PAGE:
Soldiers Must Be Adaptive for Future, Army Chief Says
By Sgt. Sara Wood, USA
American Forces Press Service
WASHINGTON, Feb. 21, 2006 The nature of the threat facing the U.S. military has changed drastically, and soldiers need to grow and become more flexible to face that threat, the Army chief of staff said here Feb. 17.
In an interview with the Pentagon Channel, Army Gen. Peter J. Schoomaker said the Army now faces an asymmetrical threat, so soldiers must be prepared to perform many different functions, ranging from high-end combat and untraditional warfare to stability operations and homeland defense.
"We now must cover a broader piece of the entire spectrum of operations, and because we have a force that is going to face challenges that will be dynamic and will move across the various challenges on the spectrum, we'll need people that are learning and adaptive," Schoomaker said.
This new breed of soldier, which Schoomaker dubbed the "pentathlete," will be skilled in his specific field but also be able to perform other functions, in case a need arises on the battlefield, he said.
"It's about having very athletic people in very athletic organizations -- people that can play multiple positions, that aren't defined very narrowly by a specific military occupational specialty," he said.
Being an all-volunteer force that retains most of its people, the Army has a vested interest in developing its soldiers to their highest capacity, Schoomaker said. As soldiers become more experienced at their craft, the force becomes more professional and expectations must be raised, he said.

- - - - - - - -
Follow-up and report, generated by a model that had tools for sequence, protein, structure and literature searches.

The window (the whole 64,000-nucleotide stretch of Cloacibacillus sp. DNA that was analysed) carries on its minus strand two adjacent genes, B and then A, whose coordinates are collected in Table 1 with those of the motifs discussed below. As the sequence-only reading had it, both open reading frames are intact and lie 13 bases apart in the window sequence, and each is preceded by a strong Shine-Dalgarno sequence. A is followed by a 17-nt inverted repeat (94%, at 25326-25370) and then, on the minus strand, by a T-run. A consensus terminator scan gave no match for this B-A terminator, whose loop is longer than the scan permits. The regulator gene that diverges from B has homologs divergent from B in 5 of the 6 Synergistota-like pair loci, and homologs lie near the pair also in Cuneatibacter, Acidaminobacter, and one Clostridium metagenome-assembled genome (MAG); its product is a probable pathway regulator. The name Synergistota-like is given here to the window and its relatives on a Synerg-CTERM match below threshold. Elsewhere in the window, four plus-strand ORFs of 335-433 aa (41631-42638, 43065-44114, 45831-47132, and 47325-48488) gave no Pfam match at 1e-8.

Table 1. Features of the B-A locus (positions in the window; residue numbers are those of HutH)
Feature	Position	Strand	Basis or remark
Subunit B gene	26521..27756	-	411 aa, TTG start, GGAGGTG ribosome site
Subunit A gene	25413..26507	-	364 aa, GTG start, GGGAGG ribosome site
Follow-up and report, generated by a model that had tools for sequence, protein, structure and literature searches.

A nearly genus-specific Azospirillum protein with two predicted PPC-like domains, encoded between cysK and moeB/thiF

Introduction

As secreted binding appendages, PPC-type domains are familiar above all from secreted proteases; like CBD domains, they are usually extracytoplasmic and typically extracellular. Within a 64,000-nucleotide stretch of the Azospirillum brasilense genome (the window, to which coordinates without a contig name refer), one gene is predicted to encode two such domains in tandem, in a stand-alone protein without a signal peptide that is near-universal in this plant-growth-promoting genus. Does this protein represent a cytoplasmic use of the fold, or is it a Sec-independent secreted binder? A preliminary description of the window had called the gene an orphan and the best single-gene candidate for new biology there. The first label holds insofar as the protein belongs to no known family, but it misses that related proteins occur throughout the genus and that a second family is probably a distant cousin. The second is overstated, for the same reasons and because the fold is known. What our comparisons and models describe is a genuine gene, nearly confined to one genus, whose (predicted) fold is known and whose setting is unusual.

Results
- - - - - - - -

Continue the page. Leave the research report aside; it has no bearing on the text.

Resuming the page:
"We can't act like we used to act and expect too little from the great talent we've got in our force," he said. "People will rise to the challenges that we place before them, and we expect that of our soldiers -- for them to be masters of their primary skills, to be very good at other skills, and to grow every day and adapt."
Soldiers are the centerpiece of the Army, and they need to realize that what they are involved in right now is very important and will have lasting effects, Schoomaker said. The Army is undergoing its largest transformation in 50 years, he said, and it must endure through the growing pains to become a force that is more prepared to fight the long war on terror.
"It's an exciting time to be in the Army, and it is a time of extraordinary transformation," he said.